How did two straight guys from England without a stitch of fashion or design experience between them turn a pair of jeans into a surging American brand that’s in more than 700 doors globally?
David Neville and Marcus Wainwright, who met as teenagers at a boarding school in England, don’t consider Rag & Bone a denim company despite a healthy jeans business, but the label’s roots go back to a simple, rudderless moment in Wainwright’s life. In 2001, after living in New York for five months with nothing better to do — no job prospects, fashion or otherwise — he decided on a whim to try to make himself the ultimate pair of jeans. “That was the initial sort of seed that led to us to the Yellow Pages, looking up patternmakers, going up to the Garment District to try to find denim,” Wainwright said.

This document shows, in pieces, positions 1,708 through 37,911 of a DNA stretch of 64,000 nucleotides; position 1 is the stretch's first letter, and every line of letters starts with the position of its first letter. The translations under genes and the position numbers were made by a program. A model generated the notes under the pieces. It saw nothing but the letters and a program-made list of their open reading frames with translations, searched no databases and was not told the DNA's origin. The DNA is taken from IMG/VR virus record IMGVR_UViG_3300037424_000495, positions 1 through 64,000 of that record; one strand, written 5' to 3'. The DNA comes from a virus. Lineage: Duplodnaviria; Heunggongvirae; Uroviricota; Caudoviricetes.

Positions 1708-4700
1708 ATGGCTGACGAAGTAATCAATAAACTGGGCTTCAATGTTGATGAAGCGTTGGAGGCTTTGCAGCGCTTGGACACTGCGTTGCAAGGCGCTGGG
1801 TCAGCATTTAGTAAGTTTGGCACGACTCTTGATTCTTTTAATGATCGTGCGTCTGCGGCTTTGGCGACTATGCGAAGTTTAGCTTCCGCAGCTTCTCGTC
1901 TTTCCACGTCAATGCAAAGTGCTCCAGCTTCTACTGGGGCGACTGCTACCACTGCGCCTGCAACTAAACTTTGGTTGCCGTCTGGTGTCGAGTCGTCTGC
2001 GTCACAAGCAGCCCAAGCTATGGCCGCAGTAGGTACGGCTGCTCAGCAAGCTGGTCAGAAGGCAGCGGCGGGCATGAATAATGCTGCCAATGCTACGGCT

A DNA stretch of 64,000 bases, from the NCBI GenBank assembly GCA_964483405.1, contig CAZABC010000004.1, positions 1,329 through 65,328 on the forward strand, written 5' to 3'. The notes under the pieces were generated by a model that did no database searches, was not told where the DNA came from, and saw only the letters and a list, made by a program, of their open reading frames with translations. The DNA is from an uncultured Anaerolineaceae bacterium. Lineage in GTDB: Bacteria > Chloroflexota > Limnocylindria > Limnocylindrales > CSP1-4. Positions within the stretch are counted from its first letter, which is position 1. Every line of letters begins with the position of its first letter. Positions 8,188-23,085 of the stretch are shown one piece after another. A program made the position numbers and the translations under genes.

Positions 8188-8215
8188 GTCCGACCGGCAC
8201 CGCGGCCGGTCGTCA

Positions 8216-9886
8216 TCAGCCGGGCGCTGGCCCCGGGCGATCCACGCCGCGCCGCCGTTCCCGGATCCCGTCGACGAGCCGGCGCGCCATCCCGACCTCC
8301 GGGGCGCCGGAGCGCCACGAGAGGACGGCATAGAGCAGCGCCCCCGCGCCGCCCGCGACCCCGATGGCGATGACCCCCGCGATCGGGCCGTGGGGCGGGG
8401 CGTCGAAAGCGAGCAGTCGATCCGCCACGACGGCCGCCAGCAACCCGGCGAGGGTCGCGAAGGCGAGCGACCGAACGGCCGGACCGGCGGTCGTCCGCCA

It’s not as romantic and happily accidental as that. Wainwright, who at the time was in business with another schoolmate from England, Nathan Bogle (he eventually left the company), had the foresight to trademark Rag & Bone in 2002, two years before he had any product to show. His first attempt at producing an order with a Chinese agent was “pretty crushing,” he said. “There was no soul to the product. It didn’t have that timeless feeling. It wasn’t well made. Everything was wrong with it from my perspective.”
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